• Environmental aspect

One of the pillars of the European Union’s socio-economic policy is sustainable development directed towards a low-carbon economy.[8] The Treaty on the Functioning of the European Union stipulates that environmental protection conditions shall be integrated into policy formulation and implementation as well as into the Union’s other initiatives.[9] The focus on the environmental aspect in the concept of sustainable development is aimed at reducing the negative effects of the dynamic development of transport. Unsustainable modes of transport manifest themselves in the rapid growth of motor vehicles as well as in the uncontrolled and irreversible use of natural resources (in particular oil). This situation destroys global and local ecosystems and poses a risk to human well-being and health.[10]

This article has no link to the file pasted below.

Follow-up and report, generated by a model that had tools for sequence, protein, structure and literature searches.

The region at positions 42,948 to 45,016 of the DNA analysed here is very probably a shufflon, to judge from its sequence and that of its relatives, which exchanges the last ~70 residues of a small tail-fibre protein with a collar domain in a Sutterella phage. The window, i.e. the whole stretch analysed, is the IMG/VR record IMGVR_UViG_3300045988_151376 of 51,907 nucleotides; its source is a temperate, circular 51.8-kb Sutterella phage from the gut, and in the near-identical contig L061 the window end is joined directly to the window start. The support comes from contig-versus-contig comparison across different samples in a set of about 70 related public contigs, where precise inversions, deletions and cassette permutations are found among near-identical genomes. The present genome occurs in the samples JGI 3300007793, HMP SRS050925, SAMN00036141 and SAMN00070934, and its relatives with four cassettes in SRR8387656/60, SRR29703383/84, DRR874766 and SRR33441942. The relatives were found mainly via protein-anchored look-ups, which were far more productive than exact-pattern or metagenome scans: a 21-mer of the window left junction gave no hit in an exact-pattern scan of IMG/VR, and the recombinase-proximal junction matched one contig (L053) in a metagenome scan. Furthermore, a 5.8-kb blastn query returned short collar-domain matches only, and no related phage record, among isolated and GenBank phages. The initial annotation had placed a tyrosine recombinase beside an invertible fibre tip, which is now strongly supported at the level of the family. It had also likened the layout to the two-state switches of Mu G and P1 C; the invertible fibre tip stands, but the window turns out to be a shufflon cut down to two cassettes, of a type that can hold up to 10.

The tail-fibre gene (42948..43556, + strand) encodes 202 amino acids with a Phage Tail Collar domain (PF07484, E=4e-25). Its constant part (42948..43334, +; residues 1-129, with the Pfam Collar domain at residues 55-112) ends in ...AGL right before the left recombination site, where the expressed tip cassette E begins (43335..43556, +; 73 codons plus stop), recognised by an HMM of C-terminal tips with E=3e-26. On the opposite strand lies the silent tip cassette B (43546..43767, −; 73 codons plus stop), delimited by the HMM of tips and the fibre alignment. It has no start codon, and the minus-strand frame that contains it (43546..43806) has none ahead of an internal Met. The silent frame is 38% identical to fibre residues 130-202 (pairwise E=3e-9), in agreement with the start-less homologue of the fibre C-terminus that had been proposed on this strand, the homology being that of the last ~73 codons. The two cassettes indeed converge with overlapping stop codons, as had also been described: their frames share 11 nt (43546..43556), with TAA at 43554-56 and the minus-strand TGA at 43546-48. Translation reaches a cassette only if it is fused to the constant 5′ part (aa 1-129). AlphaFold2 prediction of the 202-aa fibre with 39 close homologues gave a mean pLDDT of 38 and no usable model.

The adoption of the concept of sustainable development in the European Union’s policies has led to the formation of an increasing number of legal instruments enforcing the integration of environmental aspects into its transport policy. In order to achieve the EU’s policy objective of sustainable development, it is also necessary to take legal action against the transport sector, accounting for a quarter of greenhouse gas emissions in Europe.[11] Vehicle emission standards and the development of alternative fuels are of particular importance for the development of the transport system and the protection of the environment.

Warsaw, April 20, 2018. Charging points for electric vehicles produced by the Railway Comm unications Systems Company (KZŁ) being presented after the ceremony of signing cooperation agreements on electromobility between companies of the State Treasury in the Ministry of Energy. © Paweł Supernak (PAP)